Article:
Transport at Nanoscale Interfaces

Hybrid Nanoscale Interfaces

Device integration of graphene nanoribbons

Atomically precise, bottom-up-synthesized graphene nanoribbons (GNRs) have attracted strong interest from researchers worldwide as they constitute an emerging class of quantum designer materials, ideally suited for future electronic devices. Some of the major challenges towards their exploitation, however, is their reliable contacting due to their small size (<50 nm), as well as the preservation of their physical properties upon device integration. 

Our recent experimental efforts in integrating GNRs in field-effect transistor devices use primarily graphene-based electrodes. Graphene, with its monoatomic thickness, allows the GNRs to be transferred on top of the electrodes, without introducing significant deformation and avoiding damage introduced by the deposition of metal electrodes. 

The GNRs are synthesized and transferred onto the device substrate by the group of Prof. Roman Fasel at Empa. The GNR integrity and transfer quality is routinely investigated using polarization-dependent Raman spectroscopy. Here, we recently identified a longitudinal vibration mode in GNRs that allows extracting the length of the GNRs from the low-frequency Raman signature

Depending on the specific devices needs, we have developed several procedures to fabricate the nanogap, either using the electrical break down method or using a combination of electron-beam lithography and reactive-ion etching. In addition, we have implement different types of gates, with the most advanced ones being fingers as narrow as 10nm located directly below the GNR junction. 

Besides electrical characterization, we also developed devices and measurement schemes for the thermoelectric characterization of GNRs for the extraction of the Seebeck coefficient and power factor. 

In our pursuit for reliably contacting single GNRs, we also make use of carbon nanotube as electrode material. 

Collaborators in Laboratory: Michael Stiefel, Wenhao Huang, Prof. Michel Calame

External partners: Prof. Roman Fasel (Empa), Dr. Pascal Ruffieux (Empa), Dr. Gabriela Borin-Barin (Empa), Rimah Darawish (Empa), Prof. Hatef Sadeghi (Warwick University), Prof. Vincent Meunier (Rensselaer Polytechnic Institute), Dr. Daniele Passerone (Empa), Prof. Herre van der Zant (TU Delft), Prof. Mathieu Luisier (ETH Zurich).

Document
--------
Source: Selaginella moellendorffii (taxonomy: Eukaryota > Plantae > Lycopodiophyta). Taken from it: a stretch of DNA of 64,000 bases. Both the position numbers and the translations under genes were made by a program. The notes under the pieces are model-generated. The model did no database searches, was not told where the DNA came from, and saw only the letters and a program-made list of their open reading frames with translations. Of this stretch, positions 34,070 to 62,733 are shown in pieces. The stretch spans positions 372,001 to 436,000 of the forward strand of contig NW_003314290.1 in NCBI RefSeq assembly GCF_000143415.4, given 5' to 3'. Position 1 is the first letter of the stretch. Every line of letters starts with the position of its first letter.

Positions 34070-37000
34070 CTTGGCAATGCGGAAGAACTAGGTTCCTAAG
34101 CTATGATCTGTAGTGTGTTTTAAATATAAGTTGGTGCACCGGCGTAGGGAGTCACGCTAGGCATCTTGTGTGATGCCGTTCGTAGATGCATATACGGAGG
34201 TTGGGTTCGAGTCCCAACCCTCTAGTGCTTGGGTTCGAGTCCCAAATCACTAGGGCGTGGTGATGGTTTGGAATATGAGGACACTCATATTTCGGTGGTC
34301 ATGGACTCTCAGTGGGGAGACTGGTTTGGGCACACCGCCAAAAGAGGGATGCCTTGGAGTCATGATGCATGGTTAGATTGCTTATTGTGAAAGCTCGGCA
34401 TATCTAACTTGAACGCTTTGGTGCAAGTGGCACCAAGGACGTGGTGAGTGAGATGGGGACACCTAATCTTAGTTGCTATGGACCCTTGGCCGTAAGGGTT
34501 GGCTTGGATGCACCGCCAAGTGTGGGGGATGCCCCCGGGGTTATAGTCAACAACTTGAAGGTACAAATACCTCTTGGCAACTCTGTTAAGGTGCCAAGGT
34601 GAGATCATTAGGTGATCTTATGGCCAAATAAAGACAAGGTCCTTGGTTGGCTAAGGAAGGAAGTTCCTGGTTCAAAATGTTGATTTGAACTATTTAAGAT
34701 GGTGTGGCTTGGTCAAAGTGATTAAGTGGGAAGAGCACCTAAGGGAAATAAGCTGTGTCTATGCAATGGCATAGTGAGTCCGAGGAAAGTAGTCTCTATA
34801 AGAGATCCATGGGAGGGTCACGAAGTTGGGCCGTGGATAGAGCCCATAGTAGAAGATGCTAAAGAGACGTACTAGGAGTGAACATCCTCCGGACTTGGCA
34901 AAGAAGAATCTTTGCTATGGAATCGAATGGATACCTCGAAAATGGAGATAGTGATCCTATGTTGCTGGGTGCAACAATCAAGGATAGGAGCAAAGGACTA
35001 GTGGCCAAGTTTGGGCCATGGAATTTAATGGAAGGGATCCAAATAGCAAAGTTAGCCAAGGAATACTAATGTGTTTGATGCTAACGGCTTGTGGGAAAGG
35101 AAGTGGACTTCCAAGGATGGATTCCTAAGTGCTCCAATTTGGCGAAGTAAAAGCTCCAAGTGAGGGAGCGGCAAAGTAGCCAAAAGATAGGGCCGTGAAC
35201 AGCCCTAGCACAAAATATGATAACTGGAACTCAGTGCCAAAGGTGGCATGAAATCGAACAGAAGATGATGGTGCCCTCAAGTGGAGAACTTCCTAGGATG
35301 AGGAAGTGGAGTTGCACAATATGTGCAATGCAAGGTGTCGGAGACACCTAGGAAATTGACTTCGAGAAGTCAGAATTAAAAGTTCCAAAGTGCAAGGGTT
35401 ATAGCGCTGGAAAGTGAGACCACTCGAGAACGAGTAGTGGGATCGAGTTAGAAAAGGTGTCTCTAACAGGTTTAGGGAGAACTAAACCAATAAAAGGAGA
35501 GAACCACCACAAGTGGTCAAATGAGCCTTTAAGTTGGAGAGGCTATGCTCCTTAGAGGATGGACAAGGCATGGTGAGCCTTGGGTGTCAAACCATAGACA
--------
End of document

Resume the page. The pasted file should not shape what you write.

Funding: This project is partially funded by The EMPAPOSTDOCS-II programme. The EMPAPOSTDOCS-II programme has received funding from the European Union’s Horizon 2020 research and innovation programme under the Marie Skłodowska-Curie grant agreement number 754364. Additional funding is provided by the Swiss National Science Foundation (SNSF) under the Spark project no. 196795 and the FET open project QuIET (no. 767187).

  1. Overbeck, J. et al. A Universal Length-Dependent Vibrational Mode in Graphene Nanoribbons. ACS Nano 13, 13083–13091 (2019). 
  2. Overbeck, J. et al. Optimized Substrates and Measurement Approaches for Raman Spectroscopy of Graphene Nanoribbons. Phys. Status Solidi Basic Res. 256, (2019).
  3. El Abbassi, M. et al. Controlled Quantum Dot Formation in Atomically Engineered Graphene Nanoribbon Field-Effect Transistors. ACS Nano 14, 5754–5762 (2020).
  4. Sun et al. Massive dirac fermion behavior in a low bandgap graphene nanoribbon near a topological phase boundary. Advanced materials 32, 12, p1906054 (2020)
  5. Braun et al. Optimized graphene electrodes for contacting graphene nanoribbons. Carbon 184, 30, p331-339 (2021).


Transport at Nanoscale Interfaces Laboratory

Contact us


Prof. Dr. Mickael Lucien Perrin
Group Leader Quantum Devices

Deputy Head of Laboratory

Phone: +41 58 765 4610

Quick Access

Read the latest Empa Quarterly!